• UC-Santa Cruz forges industry links with corporate-sponsored senior projects. While many companies sponsor graduate level research projects, it is far less common for undergraduates to get opportunities to solve real-world engineering problems in industry. Through the Baskin School of Engineering’s Corporate Sponsored Senior Project Program (CSSPP), the University of California at Santa Cruz is connecting college seniors and companies with an eye towards not only solving problems and creating innovative products, but also positioning students for employment after graduation.

Posted October 12th, 2018

Industry-Sponsored Research Management, September 2018


Industry-Sponsored Research Management, September 2018The following is a list of the articles that appear in the September 2018 issue of Industry-Sponsored Research Management monthly newsletter. 

If you are a current subscriber click here to log in and access your issue as well as your bonus webinar collection, Best Practices in Forming and Managing Industry-University Partnerships.

If you would like a free sample issue, click here.

Industry-Sponsored Research Management
Vol. 2, No. 9, September 2018

  • Corporate tiering strategies allow schools to focus engagement resources. There are just too many corporations out there for university departments charged with forming partnerships to cover them all — especially with limited resources. Many leaders agree that corporate tiering — a strategy for prioritizing companies that should be primary targets — is an extremely effective way to sharpen your focus.
  • New IP policy at Missouri S&T leads to increase in industry research. As many universities have discovered in the last 10 years, companies are getting more sophisticated — and demanding — about intellectual property (IP) when crafting research partnerships with universities. Like many schools, at the Missouri University of Science and Technology (S&T), the long held policy was that companies sponsored the research, the university owned the IP, and then the university licensed it back to the sponsor. But a policy change in 2013 added another new option.
  • Take a structured approach to recruiting alumni as corporate ‘liaisons.’ “The answer to anything when I’m meeting with corporations is ‘Yes, I can help you with that,’ said Eileen Murphy, PhD, senior director of corporate and foundation relations with Rutgers University Foundation, speaking to an audience of NACRO members at their annual meeting in July. And if the question is ‘can universities engage alumni in industry engagement,’ the answer is an even more resounding ‘yes.’
  • UC-Irvine, diagnostics firm form “unique” relationship in new collaboration. Press releases about new and different discoveries or strategies often contain the word “unique,” and those accustomed to reading them learn to take the claim with a grain of salt. Nonetheless, representatives of the University of California-Irvine and Beckman Coulter Diagnostics, Inc., make a good case that the relationship they have established is distinctly different from other corporate/university collaborations.
  • NJ launches one-stop web portal to showcase research, attract industry partners. The home to some of the nation’s best-known research universities, the state of New Jersey recently launched a collaborative web portal showcasing its faculty and their innovations in a bid to attract more industry partnerships and create new momentum for research-driven economic development in the state.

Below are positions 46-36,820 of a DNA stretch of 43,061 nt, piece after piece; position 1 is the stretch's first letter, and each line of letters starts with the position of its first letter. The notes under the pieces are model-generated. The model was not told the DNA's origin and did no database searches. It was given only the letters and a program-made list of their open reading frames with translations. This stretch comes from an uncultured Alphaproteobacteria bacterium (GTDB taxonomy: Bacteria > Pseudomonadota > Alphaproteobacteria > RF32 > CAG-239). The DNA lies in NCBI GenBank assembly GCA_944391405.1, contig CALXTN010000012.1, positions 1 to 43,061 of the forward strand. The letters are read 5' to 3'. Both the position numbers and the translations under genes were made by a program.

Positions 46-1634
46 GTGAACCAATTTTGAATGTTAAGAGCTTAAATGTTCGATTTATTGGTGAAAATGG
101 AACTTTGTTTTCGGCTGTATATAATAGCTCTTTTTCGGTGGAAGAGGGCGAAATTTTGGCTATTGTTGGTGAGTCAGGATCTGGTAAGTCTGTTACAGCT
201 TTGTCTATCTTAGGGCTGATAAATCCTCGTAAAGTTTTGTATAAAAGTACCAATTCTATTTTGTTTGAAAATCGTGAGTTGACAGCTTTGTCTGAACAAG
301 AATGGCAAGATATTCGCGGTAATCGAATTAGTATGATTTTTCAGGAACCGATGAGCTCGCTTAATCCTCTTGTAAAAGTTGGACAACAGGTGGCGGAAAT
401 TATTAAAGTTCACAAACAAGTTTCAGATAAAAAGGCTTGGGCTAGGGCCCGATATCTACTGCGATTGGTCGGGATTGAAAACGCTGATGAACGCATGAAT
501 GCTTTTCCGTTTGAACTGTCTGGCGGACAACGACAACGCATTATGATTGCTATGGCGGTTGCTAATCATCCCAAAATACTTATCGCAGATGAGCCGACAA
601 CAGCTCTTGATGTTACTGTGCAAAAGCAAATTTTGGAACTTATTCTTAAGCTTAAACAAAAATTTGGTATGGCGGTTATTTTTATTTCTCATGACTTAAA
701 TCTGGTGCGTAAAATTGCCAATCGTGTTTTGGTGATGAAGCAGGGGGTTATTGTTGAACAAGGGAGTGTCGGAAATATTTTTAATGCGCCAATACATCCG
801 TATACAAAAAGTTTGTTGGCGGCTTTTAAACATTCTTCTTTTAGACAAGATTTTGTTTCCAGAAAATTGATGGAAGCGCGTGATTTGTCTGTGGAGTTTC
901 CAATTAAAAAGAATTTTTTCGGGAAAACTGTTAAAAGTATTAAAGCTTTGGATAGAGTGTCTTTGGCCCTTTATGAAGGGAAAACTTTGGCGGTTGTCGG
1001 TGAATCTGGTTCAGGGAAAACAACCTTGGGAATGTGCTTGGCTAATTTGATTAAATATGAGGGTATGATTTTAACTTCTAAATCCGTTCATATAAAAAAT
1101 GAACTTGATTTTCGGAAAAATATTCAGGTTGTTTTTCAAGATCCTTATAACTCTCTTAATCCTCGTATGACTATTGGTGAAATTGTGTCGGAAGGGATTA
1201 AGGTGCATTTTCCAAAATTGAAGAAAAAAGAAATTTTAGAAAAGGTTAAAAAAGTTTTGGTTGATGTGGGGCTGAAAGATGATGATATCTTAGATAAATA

Posted September 13th, 2018

Industry-Sponsored Research Management, August 2018


Industry-Sponsored Research Management, July 2018The following is a list of the articles that appear in the August 2018 issue of Industry-Sponsored Research Management monthly newsletter. 

If you are a current subscriber click here to log in and access your issue as well as your bonus webinar collection, Best Practices in Forming and Managing Industry-University Partnerships.

If you would like a free sample issue, click here.

Industry-Sponsored Research Management
Vol. 2, No. 8, August 2018

  • How Ohio State centralizes information for corporate engagement. Many companies want a single point of contact at for their university partnering. For universities to be able to accommodate them, however, they need to gather information from all corporate-facing units — including separate schools, offices of sponsored research, tech transfer, foundations, and career services — and be able to present it to companies as a clear and comprehensive view of engagement activities.
  • Universities, corporations both reap the benefits of diversity programs. Why are diversity programs so important to both universities and corporations? Beyond the social justice considerations for espousing diverse student and faculty populations, both see a benefit to society and, specifically, to business.
  • Stanford’s faculty guide helps prepare researchers to work with industry. In what could be described as a best practice in educating and preparing faculty for industry-sponsored research arrangements, the Industrial Contracts Office (ICO) at Stanford University offers a slick, well-organized and comprehensive overview of corporate research partnerships.
  • Universities, businesses forming “super region” with Capital Co-LAB collaborative. In January 2018, nine university presidents from Washington DC, Baltimore, and Richmond, VA, attended a meeting with CEOs from the area’s leading companies. The nine had never all been together in the same room before, and some of them had never even met. But the meeting that ensued resulted in a university-business alliance — the Capital Co-LAB — that is working towards building an economic powerhouse in a previously economically and politically fragmented geographic area.